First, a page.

Perhaps we should all STOP policing each others professed identities and desires and just support each other. Perhaps some men lie, who cares if they do. I know I fit a stereotype of the promiscuous bisexual BUT I have had safe sex with 25 female partners and 19 male partners including LTRs with both women and men and still I have many people doubt my identity or that it was "just a phase" etc. the most painful thing is to have my long term hetero relationships seen as a lie or sham or phase, or my same sex relationships seen as an experiment. I have even outlined my entire sexual history and it is seen by some educated gay men as humanly impossible. There are many bisexual men in history Keruoac, Rauschenberg, Twombly, Olivier, Wilde, Julien Beck, but all of this is dismissed. Julien Beck is one of the most interesting because he did whatever he wanted and had a wife and a 2 male lovers openly even though such an arrangement was frowned upon by the 1950's art world who wanted to see the world in completely gay and straight terms.
Posted by Hermes on March 4, 2012 at 4:52 PM · Report this
112
Well, I'm glad Dan is trying to change- I applaud the effort. I'm lesbian, and though I know some men who have claimed to be bi and then turned out to be gay, I also know men who really are bi and are in long term relationships with other men. Either way, I don't see why anyone should reserve themselves the privilege to outright tell bi men and women that they're wrong about their own sexuality- how could anyone possibly look inside another person's head and tell exactly what they're attraced to? That's ridiculous. As someone said earlier, it's just like when anyone of my relatives told me that "it's just a phase", "you haven't found the right man yet", etc. That hurt, a lot, and I don't ever want to inflict that pain on someone else whether they turn out to be bi, gay, or straight.

Seriously, it baffles me how people seem incapable of imagining that there could not be any other sexualities than straight/gay. Heck, even asexuals seem to have a hard time getting accepted as "real". People really should learn to meet each other as individuals, take others seriously and suspend their own prejudices, rather than pretend they can know what every person is like based on a general idea of the group that person represents.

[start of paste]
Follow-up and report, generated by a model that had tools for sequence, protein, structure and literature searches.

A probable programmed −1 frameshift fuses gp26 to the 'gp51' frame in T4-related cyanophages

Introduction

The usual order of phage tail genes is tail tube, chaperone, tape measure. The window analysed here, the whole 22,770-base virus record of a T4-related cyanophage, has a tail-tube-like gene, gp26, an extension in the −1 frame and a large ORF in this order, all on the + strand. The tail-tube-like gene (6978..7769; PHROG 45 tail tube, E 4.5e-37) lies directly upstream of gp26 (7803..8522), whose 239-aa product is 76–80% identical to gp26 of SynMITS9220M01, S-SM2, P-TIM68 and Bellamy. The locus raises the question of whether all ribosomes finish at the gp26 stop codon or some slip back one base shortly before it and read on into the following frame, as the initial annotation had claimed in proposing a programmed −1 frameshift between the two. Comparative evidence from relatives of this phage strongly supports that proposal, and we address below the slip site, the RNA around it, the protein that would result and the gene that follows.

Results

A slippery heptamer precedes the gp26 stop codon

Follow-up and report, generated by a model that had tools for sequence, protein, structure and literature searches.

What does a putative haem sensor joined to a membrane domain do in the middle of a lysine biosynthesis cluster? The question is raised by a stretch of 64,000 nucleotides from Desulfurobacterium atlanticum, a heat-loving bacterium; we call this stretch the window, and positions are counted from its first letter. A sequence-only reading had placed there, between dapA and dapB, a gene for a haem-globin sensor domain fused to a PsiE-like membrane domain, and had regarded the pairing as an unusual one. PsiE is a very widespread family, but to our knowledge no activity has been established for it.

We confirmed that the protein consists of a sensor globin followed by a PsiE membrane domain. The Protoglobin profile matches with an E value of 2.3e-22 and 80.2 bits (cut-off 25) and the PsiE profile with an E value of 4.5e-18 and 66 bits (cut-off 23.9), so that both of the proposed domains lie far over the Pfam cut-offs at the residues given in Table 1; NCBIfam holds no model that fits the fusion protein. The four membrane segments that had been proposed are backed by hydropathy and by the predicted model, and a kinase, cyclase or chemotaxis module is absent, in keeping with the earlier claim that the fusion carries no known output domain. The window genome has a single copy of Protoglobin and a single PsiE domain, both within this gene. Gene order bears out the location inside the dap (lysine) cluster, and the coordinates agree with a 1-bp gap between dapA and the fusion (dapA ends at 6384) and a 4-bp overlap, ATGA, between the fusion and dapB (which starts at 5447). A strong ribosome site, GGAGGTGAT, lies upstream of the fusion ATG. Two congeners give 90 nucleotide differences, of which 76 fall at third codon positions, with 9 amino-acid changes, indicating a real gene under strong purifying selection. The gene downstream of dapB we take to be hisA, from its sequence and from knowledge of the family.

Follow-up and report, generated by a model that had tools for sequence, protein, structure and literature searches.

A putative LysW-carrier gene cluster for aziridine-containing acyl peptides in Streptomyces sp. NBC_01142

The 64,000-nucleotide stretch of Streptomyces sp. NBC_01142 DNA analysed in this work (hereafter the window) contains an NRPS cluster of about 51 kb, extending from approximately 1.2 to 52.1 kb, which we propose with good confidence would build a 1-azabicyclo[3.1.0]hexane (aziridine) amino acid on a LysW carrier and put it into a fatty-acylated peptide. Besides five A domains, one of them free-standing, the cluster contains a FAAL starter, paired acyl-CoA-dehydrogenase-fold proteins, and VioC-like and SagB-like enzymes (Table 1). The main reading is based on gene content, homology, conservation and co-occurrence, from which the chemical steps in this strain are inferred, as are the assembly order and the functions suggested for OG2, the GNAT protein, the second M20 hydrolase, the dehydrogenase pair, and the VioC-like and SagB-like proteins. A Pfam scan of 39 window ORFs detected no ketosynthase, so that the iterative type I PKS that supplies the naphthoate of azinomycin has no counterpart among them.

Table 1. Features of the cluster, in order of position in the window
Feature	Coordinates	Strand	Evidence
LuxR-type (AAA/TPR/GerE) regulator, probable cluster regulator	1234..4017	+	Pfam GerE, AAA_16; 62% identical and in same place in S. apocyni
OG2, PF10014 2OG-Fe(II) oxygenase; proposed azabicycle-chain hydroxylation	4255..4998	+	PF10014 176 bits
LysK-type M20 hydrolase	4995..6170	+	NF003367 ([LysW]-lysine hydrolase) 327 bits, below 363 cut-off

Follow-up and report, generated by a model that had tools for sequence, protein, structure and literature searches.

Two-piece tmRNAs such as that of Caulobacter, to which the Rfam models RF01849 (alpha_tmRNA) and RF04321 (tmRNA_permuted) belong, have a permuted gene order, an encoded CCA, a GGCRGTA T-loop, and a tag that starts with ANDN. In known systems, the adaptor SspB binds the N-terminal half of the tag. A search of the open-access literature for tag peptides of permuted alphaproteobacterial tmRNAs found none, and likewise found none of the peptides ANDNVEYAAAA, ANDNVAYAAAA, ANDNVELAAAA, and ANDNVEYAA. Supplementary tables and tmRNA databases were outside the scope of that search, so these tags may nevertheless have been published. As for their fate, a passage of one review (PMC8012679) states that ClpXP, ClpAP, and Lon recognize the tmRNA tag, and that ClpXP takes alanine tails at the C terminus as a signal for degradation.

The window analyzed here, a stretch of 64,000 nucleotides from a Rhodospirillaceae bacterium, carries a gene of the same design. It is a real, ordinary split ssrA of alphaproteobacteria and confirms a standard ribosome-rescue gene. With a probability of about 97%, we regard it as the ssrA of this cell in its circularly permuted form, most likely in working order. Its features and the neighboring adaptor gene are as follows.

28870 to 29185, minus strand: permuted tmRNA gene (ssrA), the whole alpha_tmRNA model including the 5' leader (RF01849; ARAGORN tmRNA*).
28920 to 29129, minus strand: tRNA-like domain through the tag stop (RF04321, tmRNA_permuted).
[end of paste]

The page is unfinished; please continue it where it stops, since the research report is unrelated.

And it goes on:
Yes, maybe a lot of bisexuals disappear into heterosexual marriages (it's not uncommon that gays get married in heterosexual relationships as well before coming out, for that matter), but whatever- that's their business, not mine, and I'm not gonna hate them for that or anything. I still have bi friends in long-term same-sex relationships that want to get married, to get their relationship (and sexuality) socially accepted, etc. I support them, and they support me.
Posted by Joanna.san on May 25, 2012 at 7:34 PM · Report this
113
Can't believe how utterly crass and disrespectful this article is. Dan, just because you've had bad experiences with bi guys doesn't mean you have to use your media visibility to bash them and say they don't exist until "science proves it". Grow the fuck up. Also, if monosexual men can't get it up, does that make them asexual? This article is a load of crap.
Posted by nat on December 3, 2012 at 5:06 PM · Report this
114
I'm not gay, so I don't know what it feels like to be completely alien to the culture around you. I totally understand being defensive and even cruel, because social stigma is so strong to us as a species.

But I want to bring up two things in response.

First, I think we can agree here's a conversation that needs to stop happening:

Is so-and-so gay?
No, he likes pussy.

variation:

Are you gay?
No. I like pussy.

Second: Gay/straight is a binary that obviously appeals to people, the same way Christian/heathen does, or natural/unnatural. Bisexuals don't have it incredibly easy just because we can blend in. And I'm sorry to go all caps but this is where gays start to show their own homophobia. YOU CAN'T BLEND WHO YOU NATURALLY ARE. My whole life growing up was one heartbreak after another. Aladdin never kissed Jafaar. Why do I miss my friend so much? Why do the other boys punch me when we wrestle? My own sexuality never even registered on my mind.

Do you see how hard it can be to figure shit out when whatever you want to call this phobia is is the standard? Here's a simple exercise. Find a map of where professional wrestling is popular in the US and compare it with where bans on gay marriage have happened. Considering all types of legal status, Google insights shows a dramatic correlation.

You're right we should take it on ourselves and come out, just for our own defense. I applaud that. After I came out to my friend, he stopped believing homosexuality was a slight against nature. But it's really unfair to put it just on maturity.

We are not morons. We are not the enemy.
Posted by LewisT on December 3, 2012 at 10:08 PM · Report this